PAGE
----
I’d like to start my first post of 2015 on a topic that I believe will become a recurring theme in the tech ecosystem across the MENA region, and something that is a sore point for me… We need to support our local startups now more than ever if we are to build a profitable and sustainable startup culture and ecosystem in the Middle East.

It frustrates me when I see MENA consumers and enterprises supporting International players over our local tech startups, who have a similar product offering (and sometimes an even better one) but do not have the deep pockets as those larger incumbents, making it a huge challenge and barrier for our local entrepreneurs to be successful. When I look at other economies, particularly places like China, Brazil and parts of Europe, I discovered something about their entrepreneurial ecosystem which makes them breed many local success stories, and something which the MENA region should learn from and emulate. Take Baidu vs. Google in China for example, where Baidu managed to maintain and even grow its market share when Google tried to compete locally. Chinese consumers and businesses supported Baidu so much so that Google dropped its market share for search from 12% in 2010 to 1.7% in 2012 and moved offices from mainland China to Hong Kong. The Chinese government has also created policies that make it difficult for International players to come into the market, allowing their local startups to prosper long enough to provide protection when Internationals arrive. These protectionist policies are something which should be in place in the MENA region, especially since the regional ecosystem is nascent and needs government involvement and support in the short-to-medium term to ensure the creation of a successful environment for local entrepreneurs, and drive employment and economic prosperity.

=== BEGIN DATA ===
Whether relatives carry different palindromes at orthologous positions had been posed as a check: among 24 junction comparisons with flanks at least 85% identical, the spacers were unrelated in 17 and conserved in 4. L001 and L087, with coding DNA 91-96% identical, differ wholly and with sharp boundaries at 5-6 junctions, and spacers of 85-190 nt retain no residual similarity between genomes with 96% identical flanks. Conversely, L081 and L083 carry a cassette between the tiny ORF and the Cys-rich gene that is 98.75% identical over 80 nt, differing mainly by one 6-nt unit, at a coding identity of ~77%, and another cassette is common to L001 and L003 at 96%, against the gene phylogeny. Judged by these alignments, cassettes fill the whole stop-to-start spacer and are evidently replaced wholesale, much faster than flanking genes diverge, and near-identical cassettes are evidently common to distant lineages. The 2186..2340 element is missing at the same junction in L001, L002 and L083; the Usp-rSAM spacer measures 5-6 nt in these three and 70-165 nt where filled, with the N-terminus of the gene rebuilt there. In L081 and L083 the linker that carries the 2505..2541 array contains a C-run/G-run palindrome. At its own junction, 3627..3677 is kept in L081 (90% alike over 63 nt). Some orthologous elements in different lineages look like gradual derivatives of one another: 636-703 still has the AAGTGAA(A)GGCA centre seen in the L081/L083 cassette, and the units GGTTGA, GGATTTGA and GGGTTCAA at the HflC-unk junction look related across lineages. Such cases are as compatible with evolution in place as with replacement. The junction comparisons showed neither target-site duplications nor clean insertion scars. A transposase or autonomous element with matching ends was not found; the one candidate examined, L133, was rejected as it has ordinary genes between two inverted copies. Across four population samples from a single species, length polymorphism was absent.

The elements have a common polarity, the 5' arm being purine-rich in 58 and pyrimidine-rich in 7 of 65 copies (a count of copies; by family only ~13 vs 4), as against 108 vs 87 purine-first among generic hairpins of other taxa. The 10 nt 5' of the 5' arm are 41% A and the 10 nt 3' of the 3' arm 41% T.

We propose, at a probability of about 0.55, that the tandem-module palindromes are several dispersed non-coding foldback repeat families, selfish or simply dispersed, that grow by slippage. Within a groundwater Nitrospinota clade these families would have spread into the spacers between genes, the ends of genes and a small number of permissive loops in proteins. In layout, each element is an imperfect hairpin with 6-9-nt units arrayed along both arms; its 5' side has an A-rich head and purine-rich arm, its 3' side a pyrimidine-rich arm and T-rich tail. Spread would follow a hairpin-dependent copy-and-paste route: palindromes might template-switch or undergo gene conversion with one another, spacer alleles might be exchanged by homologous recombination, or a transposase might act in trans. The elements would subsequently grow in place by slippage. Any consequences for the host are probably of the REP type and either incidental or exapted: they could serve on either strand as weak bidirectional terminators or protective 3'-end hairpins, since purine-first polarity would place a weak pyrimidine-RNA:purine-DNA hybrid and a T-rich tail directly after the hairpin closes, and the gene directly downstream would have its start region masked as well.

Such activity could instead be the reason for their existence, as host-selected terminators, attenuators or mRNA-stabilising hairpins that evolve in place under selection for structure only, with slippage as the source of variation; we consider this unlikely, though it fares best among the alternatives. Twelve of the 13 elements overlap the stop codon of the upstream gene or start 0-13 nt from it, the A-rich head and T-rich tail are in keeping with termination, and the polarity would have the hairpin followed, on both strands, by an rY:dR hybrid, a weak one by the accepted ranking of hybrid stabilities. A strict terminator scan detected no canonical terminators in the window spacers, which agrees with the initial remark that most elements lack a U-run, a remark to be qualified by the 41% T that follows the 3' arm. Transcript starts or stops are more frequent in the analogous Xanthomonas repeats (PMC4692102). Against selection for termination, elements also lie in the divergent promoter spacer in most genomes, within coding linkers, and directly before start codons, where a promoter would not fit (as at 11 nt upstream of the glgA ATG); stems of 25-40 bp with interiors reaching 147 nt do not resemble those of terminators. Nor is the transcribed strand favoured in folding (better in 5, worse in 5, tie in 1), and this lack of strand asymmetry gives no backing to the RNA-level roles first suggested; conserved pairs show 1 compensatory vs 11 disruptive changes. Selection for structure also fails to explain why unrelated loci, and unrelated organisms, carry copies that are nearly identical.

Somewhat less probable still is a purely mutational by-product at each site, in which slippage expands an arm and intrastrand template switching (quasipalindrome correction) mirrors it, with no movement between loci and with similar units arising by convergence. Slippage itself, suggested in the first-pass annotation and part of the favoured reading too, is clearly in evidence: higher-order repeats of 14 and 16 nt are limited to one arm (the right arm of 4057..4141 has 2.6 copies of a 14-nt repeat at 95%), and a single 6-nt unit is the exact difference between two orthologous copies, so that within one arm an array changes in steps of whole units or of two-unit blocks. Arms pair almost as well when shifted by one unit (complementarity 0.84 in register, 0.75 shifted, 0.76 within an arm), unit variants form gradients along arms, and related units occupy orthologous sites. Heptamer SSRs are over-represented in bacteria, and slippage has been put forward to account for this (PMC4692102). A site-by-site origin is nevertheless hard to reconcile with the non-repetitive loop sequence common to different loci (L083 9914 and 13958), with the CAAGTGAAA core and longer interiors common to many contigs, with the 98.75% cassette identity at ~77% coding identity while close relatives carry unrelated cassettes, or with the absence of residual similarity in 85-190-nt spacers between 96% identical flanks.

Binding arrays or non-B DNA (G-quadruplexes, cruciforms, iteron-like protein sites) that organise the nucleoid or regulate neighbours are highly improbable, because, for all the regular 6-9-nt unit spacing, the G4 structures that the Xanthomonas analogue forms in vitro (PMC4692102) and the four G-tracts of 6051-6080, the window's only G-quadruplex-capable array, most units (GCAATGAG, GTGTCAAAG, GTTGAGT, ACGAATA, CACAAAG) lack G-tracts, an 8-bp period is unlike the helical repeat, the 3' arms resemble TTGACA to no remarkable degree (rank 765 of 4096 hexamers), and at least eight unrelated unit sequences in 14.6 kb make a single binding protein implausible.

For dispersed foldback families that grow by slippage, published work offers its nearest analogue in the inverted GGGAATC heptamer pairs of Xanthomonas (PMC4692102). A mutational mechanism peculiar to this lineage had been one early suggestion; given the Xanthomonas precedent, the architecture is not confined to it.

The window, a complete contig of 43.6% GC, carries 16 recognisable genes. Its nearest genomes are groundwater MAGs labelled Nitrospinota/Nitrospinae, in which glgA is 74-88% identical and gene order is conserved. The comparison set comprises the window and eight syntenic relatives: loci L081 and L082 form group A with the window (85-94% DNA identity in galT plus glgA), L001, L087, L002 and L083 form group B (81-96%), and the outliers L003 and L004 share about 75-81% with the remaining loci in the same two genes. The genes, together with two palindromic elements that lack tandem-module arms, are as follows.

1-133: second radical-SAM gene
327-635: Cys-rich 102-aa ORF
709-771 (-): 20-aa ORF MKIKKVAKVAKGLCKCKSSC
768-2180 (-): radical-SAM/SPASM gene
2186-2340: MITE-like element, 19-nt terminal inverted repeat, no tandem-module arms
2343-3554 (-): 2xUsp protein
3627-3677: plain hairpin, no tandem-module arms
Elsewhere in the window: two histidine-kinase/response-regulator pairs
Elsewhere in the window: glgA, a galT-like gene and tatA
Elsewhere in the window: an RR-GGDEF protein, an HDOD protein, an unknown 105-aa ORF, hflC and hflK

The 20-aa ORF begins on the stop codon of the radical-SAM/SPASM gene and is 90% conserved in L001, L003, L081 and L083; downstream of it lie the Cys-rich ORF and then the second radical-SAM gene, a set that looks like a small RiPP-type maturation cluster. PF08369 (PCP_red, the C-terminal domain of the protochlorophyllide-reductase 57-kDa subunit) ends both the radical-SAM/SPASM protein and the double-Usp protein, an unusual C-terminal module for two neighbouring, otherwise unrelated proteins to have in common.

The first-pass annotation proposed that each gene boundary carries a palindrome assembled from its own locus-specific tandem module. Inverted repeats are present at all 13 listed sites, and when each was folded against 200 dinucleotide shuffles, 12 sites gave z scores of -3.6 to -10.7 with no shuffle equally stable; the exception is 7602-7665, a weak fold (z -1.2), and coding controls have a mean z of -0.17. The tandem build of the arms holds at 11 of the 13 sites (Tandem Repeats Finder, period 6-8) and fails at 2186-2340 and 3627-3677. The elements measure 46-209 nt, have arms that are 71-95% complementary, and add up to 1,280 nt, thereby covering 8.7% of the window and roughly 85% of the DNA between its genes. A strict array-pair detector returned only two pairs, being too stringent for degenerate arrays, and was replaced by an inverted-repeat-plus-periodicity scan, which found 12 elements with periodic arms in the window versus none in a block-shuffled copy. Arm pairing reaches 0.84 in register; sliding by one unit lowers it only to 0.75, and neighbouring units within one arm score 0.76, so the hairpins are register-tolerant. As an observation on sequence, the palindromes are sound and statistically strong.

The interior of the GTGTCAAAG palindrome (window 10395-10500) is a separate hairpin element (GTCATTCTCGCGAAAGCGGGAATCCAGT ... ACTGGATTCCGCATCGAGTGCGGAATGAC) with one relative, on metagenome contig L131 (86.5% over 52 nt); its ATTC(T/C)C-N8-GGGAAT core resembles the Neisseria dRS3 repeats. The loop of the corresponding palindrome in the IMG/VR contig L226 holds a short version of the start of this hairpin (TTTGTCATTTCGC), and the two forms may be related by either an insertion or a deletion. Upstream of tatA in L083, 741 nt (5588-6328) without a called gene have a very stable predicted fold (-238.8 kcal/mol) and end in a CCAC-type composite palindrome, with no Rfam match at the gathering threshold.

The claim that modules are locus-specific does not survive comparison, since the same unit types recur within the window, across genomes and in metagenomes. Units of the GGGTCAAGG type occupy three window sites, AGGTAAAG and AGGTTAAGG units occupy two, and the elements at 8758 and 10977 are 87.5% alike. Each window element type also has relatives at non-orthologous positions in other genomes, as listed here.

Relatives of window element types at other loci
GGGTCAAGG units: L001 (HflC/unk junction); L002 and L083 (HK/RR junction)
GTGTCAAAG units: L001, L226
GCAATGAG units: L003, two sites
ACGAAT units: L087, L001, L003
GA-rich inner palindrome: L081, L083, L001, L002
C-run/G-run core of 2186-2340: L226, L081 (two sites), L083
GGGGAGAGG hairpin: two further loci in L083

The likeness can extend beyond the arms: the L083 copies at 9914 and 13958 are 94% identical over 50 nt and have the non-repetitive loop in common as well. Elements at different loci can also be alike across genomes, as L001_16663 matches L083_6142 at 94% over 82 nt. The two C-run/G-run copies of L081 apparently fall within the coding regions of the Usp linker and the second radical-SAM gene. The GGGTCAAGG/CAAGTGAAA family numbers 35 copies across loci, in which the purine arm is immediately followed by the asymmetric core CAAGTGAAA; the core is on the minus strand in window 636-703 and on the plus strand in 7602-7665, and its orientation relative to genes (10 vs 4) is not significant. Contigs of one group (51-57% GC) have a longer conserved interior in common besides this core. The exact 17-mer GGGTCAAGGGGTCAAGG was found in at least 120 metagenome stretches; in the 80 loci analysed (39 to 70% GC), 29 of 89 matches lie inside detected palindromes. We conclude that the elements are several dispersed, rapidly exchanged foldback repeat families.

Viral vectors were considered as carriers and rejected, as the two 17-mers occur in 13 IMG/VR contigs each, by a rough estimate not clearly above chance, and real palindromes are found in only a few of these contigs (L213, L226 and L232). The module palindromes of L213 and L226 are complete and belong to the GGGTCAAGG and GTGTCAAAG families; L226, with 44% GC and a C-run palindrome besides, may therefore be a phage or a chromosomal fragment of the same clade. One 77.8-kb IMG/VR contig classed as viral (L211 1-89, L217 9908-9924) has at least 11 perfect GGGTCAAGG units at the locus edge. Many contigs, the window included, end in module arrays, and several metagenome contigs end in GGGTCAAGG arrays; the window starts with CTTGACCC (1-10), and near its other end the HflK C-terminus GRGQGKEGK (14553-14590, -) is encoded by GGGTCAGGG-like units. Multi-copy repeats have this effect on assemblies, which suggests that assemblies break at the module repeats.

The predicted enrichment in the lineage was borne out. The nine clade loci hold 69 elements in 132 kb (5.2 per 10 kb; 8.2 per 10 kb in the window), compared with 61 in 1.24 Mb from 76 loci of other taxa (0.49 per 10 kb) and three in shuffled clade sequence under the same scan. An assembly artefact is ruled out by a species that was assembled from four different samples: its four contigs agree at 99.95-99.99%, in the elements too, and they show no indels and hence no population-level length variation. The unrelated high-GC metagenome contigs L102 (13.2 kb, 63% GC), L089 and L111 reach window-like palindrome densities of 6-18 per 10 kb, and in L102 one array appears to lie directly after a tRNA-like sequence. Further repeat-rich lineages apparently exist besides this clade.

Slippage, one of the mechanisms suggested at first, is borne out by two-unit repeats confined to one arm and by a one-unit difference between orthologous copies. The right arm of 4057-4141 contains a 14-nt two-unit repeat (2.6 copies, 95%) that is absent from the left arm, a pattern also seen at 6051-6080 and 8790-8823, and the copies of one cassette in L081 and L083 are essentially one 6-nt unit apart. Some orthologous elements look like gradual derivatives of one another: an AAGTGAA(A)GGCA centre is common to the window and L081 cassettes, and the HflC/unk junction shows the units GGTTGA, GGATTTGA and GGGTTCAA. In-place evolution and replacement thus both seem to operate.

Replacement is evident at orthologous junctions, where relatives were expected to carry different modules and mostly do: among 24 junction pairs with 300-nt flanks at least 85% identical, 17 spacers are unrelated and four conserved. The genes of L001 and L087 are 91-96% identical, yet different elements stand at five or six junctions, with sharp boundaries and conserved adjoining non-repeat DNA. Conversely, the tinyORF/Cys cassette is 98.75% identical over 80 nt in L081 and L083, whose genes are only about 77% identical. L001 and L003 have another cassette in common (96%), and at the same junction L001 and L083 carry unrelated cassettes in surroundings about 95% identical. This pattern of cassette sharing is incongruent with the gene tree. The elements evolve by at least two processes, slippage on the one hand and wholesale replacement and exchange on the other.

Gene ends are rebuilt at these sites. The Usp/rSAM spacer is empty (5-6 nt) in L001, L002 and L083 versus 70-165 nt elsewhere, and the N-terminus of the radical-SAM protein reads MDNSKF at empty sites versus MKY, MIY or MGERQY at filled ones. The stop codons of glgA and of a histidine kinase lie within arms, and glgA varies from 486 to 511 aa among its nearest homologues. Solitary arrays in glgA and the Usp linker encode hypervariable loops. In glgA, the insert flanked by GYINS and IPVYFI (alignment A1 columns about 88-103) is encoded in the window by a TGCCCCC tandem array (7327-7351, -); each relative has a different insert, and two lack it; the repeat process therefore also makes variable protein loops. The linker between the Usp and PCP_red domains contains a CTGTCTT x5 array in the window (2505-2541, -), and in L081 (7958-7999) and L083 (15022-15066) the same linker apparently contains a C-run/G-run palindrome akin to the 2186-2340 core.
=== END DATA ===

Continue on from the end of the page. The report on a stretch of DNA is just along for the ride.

I’ve seen many amazing local entrepreneurs who have developed innovative ventures based on “localizing” replicas of successful International models. They have managed to learn from their users and build tailor-made applications and products that fit the local market. We should be proud of these companies and entrepreneurs, and support them in order for our ecosystem to succeed. Without them, we will have an empty ecosystem that is dry of innovation and engrossed in the fear of failure.

One of our portfolio companies, RoundMenu, is a local startup that has done exactly that. It has built an innovative and localized restaurant model and has undergone many pivots as it learns more about how its users use the platform, and what its merchants are looking for. The pivots has made them develop a unique platform based on social discovery, with a scalable business model driven by phone calls and bookings/reservations.

Another great example is Careem, the taxi app developed by McKinsey consultants who saw an opportunity to become the Uber of the MENA region. They have their own product development team that has developed a unique mapping system that works amazingly well with the iOS (something which I can’t say for Uber), and they have employed a great customer service team to ensure that customers have a point of contact at all times and are taken care of in their time of need. Unfortunately, there is always a threat from competition, and Uber and EasyTaxi have entered the market as well, both being large International players with significant funding behind them.

Finally, another one of our portfolio companies, Duplays, has recently launched Playpass, a tool for local activity organizers to manage and market their activities to local consumers. It has also built a unique platform based on years of experience developing the Duplays website, and are now competing with the likes of MINDBODY Online, a service based in the USA. MINDBODY Online serves global customers, but does not provide the local support and customization that Playpass offers, and I hope the local activity owners will adopt Playpass when they look for tools to help manage their activities.

In conclusion, these local ventures need to be supported so that we can breed more local success stories, more innovation, more accomplished and experienced local entrepreneurs, and more exits in a young ecosystem that needs it. Let’s hope 2015 is the year for giving our startups a chance and supporting them as they grow their fledgling businesses into ones that hire local talent, innovate and provide their customers with an amazing and customized offering.